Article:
A former Sandy teacher who launched racist rant against Jews on Facebook has been banned from the country’s classrooms indefinitely.
Harpreet Singh, 49, who was head of maths at Sandye Place Academy at Sandy from September 2016 to June 2017 wrote : “Every sane human is anti semitic. Because you bastards have made Zionism synonymous with the mistreatment of Palestinians. Billions are anti semitic and proud of it. Israel should be wiped off the planet. Dogs! The chosen race?!?!?!! What an insult to God!”
The school suspended him on June 7, 2017 after concerns over the comments were raised by colleagues.
Now a Teaching Regulation Agency (TRA) disciplinary panel has found him guilty of conduct which would bring the teaching profession into disrepute.
In addition to the finding of “making offensive/and or racist comments” on Facebook, the panel which heard the case in Coventry also found that Mr Singh had:
>inappropriately facilitated use of his school laptop by someone else who had used it to view sexual material;
>used the computer while teaching to browse for alcohol and to view properties and cars; and in respect of his Facebook rant had he demonstrated a lack of tolerance and respect for the rights and/or beliefs of others.
Striking him off indefinitely on behalf of Education Secretary, Damian Hinds, but leaving the way open for him to seek to have the ban lifted after three years, TRA Chief Executive, Alan Meyrick, said : “I have concluded that a prohibition order is proportionate and in the public interest.”
The panel said : “The panel considered the comments posted on Facebook by Mr Singh, and found that this behaviour demonstrated intolerance and/or hatred on the grounds of race/religion, as the comments demonstrated offensive language and referred to the Jewish race and religion directly.”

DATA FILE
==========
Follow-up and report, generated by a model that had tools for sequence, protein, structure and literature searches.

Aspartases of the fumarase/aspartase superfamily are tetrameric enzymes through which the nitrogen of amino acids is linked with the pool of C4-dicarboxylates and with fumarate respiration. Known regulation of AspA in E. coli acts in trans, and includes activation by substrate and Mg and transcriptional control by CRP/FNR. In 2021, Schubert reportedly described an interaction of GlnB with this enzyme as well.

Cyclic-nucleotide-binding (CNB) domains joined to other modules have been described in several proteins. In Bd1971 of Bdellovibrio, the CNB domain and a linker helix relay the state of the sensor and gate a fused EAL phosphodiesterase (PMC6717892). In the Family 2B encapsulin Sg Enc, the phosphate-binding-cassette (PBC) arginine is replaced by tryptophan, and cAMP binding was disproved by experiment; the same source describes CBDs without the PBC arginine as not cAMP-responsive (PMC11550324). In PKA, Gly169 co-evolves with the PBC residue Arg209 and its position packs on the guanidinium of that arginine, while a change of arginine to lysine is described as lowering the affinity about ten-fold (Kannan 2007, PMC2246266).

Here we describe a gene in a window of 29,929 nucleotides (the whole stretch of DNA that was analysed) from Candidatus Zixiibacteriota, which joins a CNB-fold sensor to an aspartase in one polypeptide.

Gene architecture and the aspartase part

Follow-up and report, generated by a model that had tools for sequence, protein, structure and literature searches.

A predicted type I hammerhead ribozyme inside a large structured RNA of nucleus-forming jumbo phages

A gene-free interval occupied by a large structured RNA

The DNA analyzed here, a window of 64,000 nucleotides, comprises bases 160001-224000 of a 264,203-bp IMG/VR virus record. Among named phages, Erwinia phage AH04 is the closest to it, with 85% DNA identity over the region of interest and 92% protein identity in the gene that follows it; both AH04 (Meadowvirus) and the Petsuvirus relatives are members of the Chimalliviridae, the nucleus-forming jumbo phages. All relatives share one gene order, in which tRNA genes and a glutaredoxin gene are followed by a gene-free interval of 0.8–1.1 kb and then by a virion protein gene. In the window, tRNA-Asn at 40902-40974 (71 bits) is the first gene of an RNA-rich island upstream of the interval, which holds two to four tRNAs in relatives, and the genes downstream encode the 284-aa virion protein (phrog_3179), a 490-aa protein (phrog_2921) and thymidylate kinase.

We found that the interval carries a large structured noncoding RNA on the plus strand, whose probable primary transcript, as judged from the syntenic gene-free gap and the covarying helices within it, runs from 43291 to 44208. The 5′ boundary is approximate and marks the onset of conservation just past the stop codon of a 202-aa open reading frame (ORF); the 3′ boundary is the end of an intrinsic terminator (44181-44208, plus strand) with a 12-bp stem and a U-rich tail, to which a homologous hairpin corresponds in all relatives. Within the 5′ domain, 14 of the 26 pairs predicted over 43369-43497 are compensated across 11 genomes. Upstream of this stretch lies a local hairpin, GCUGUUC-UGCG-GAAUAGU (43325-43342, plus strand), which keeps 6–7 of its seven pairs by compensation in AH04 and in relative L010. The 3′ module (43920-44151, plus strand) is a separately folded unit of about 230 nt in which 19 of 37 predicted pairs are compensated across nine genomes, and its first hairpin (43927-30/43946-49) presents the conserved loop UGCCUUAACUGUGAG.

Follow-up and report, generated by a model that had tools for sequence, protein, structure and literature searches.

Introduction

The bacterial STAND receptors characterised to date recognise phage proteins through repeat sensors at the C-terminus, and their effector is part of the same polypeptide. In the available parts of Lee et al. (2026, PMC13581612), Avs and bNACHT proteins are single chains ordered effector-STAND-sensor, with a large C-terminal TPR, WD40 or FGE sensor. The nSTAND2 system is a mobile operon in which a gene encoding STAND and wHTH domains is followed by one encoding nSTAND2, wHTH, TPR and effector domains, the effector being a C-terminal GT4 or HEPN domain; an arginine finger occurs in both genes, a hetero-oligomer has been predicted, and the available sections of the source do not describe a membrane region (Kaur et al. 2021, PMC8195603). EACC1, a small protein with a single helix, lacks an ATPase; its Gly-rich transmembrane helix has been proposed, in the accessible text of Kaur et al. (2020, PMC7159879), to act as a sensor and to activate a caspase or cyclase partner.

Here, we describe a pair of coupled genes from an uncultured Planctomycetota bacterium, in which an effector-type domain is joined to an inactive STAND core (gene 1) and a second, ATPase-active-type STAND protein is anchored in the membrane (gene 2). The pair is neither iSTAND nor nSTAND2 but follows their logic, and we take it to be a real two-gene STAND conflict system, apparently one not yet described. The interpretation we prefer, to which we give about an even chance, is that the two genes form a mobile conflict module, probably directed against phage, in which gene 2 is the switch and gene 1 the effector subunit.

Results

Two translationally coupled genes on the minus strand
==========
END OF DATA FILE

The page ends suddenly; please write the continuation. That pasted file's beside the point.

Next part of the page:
The findings say that Mr Singh had shown “insight to an extent” and had told the panel he was sorry for his comments and understood they were offensive and racist.
However, the findings say that if he “was riled” in the future the panel were not convinced he would “have the capacity to act appropriately.” In those circumstances they recommended that he should be banned.
As he imposed the ban, Mr Meyrick, who referred to the “offensive and racist nature of the comments made,” stressed that before Mr Singh would be allowed to teach again he would have to satisfy another panel that he was fit to return to the classroom.
He said: “In my judgement the lack of complete and full insight means that there is some risk of the repetition of this behaviour and this risks a repeat of this behaviour. I have therefore given this element considerable weight in reaching my decision.”
It is open to Mr Singh, to challenge the findings and the ban in the High Court.